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File #: [21-0499]    Version: 1 Name:
Type: Discussion Item Status: Filed
File created: 5/27/2021 In control: Town Council
On agenda: 6/2/2021 Final action: 6/2/2021
Title: Redevelopment of Police Station Property at 828 Martin Luther King Jr Boulevard and Consideration of Municipal Services Center at Site.
Attachments: 1. RFQ Response, 2. Previous Costs for MSC Comparison, 3. Staff Presentation, 4. Applicant Presentation, 5. Council Questions with Staff Response
Related files: [21-0572], [21-0769], [21-0596]

 

 

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Redevelopment of Police Station Property at 828 Martin Luther King Jr Boulevard and Consideration of Municipal Services Center at Site.

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Staff:

Department:

Mary Jane Nirdlinger, Deputy Town Manager

Manager’s Office

Laura Selmer, Economic Development Specialist

 

 

Overview: The purpose of this item is to provide Council with background information and options for redevelopment of the current police station property, located at 828 Martin Luther King Jr. Blvd. This property presents an opportunity to combine two ongoing efforts in the Town: a site for the Municipal Services Center (MSC); and the remediation and reuse of the current police station property.

 

Recommendation(s):

That the Council pursue a public/private partnership with Belmont Sayre to redevelop the property in a way that includes the MSC, mixed-use development, public amenities, and cleanup of the site. This could be achieved through an Economic Development Agreement (EDA). 

 

Staff have engaged Noell Consulting to provide financial analysis of a potential project at the June 4th Council Committee on Economic Sustainability.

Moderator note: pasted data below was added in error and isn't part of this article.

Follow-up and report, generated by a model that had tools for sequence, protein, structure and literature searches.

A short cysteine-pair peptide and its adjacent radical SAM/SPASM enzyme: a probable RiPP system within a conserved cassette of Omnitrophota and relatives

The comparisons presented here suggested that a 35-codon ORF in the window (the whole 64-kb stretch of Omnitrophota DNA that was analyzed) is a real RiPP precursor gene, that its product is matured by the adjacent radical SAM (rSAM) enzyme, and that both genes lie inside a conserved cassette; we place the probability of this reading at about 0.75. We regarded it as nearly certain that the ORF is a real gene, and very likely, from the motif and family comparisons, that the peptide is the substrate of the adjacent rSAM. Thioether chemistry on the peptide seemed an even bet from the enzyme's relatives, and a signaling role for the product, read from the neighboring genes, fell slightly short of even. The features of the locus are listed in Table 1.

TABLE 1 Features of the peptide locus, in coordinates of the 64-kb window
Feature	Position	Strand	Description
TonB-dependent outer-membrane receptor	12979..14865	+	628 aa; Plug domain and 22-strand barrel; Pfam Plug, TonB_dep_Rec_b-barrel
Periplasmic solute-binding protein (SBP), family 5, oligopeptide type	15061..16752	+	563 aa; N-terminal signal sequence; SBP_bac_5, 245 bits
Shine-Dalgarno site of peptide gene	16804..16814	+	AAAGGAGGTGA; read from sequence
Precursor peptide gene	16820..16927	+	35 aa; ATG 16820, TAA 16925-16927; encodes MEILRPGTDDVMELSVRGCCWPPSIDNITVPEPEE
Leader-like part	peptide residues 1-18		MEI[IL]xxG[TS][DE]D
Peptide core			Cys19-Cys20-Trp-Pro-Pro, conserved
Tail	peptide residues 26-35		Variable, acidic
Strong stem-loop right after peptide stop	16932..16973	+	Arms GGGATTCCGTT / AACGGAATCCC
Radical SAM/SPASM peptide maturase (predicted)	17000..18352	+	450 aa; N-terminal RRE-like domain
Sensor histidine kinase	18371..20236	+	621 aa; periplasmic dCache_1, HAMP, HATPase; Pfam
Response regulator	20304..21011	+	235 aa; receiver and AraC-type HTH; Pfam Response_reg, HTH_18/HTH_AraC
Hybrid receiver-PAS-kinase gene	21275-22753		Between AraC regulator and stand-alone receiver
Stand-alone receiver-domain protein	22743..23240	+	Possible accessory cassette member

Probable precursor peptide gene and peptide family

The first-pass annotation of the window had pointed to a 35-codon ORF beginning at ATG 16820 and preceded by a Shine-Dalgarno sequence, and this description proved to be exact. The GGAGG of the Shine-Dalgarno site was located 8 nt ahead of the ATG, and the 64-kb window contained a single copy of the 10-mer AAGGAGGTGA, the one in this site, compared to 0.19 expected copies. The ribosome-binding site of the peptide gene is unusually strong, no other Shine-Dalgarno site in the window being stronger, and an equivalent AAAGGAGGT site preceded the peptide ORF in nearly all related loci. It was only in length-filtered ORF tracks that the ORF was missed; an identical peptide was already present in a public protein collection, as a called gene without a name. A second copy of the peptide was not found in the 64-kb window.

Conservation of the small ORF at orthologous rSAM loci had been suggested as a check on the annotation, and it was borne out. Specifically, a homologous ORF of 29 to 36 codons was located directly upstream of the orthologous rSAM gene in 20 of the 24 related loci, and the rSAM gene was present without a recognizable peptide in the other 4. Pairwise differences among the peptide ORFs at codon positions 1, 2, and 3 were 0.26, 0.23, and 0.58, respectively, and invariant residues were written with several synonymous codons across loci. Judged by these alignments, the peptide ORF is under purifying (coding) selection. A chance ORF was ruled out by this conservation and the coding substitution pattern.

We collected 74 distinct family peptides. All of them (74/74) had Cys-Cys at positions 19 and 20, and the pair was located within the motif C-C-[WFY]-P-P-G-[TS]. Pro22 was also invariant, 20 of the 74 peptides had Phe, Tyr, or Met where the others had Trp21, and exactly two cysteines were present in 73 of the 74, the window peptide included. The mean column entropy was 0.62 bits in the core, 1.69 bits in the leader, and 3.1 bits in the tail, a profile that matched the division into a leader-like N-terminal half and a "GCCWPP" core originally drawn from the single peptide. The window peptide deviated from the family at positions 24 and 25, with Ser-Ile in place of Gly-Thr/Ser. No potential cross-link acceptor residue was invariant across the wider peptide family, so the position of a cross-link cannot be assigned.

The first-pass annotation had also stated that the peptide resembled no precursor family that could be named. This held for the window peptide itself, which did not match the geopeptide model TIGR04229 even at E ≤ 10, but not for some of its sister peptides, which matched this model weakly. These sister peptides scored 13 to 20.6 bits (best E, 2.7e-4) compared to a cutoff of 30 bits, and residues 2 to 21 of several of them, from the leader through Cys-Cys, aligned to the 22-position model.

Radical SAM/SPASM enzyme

If Council supports this direction, staff could return on June 23rd with a framework for drafting an EDA over the Council’s summer recess, returning to the Council for further discussion and decision in the fall.

 

I. Project Background

The timeline below provides an overview of how the private property was used before the Town acquired it, as well as the recent activities the Town has taken to investigate current conditions in coordination with the North Carolina Department of Environmental Quality (NC DEQ). The history of the site prior to Town ownership was pieced together by the Town’s Environmental Engineer, Hart & Hickman. 

Timeline

Description

1950s to early 1960s

Property initially used as a borrow pit - an area where material was dug up for use at other locations, usually for construction.  

Mid-1960s to mid-1970s

Property then used as a fill site where construction debris was deposited; coal combustion products (CCPs) were later placed on top of the construction debris for structural fill.   

Early 1980s

Town acquires property and builds a police station that is still in use today.  

2013 

As part of a process to explore a new home for the police department, Town conducts a site assessment and begins working with DEQ to investigate and share information about the condition of the property.  

2015 - 2017

Town works with Environmental Engineering consultant and DEQ to complete Phase 1 and Phase 2 remedial site investigations to understand CCP locations and amounts.  

2018

Town explores remedial cost options and possible future uses for the property; Council asks staff to work with a toxicologist to prepare a human health and ecological risk assessment for the Police Station property.    

2019-2021

Town hires Duncklee & Dunham to perform a Human Health and Ecological Risk Assessment; Hart & Hickman perform Interim Remedial Measures on trail portion of the site; The Town issues an RFQ to select a qualified development team to consider site redevelopment.

 

 

The vision for the Municipal Services Center is to co-locate key community services and to support interdepartmental collaboration. The project is also an opportunity to move departments out of facilities that are well-past their prime with significant repair costs which will increase with delay. The Municipal Services Center program includes new space for: 

 

1. The Police Department 

2. The Fire Department Administration & Emergency Management 

3. The Parks and Recreation Department 

4. Some Technology Solutions Department space 

5. A replacement for Fire Station #4 and space for Orange County EMS at the Fire Station #4 site on Weaver Dairy Road. 

6. Parking for the uses in the building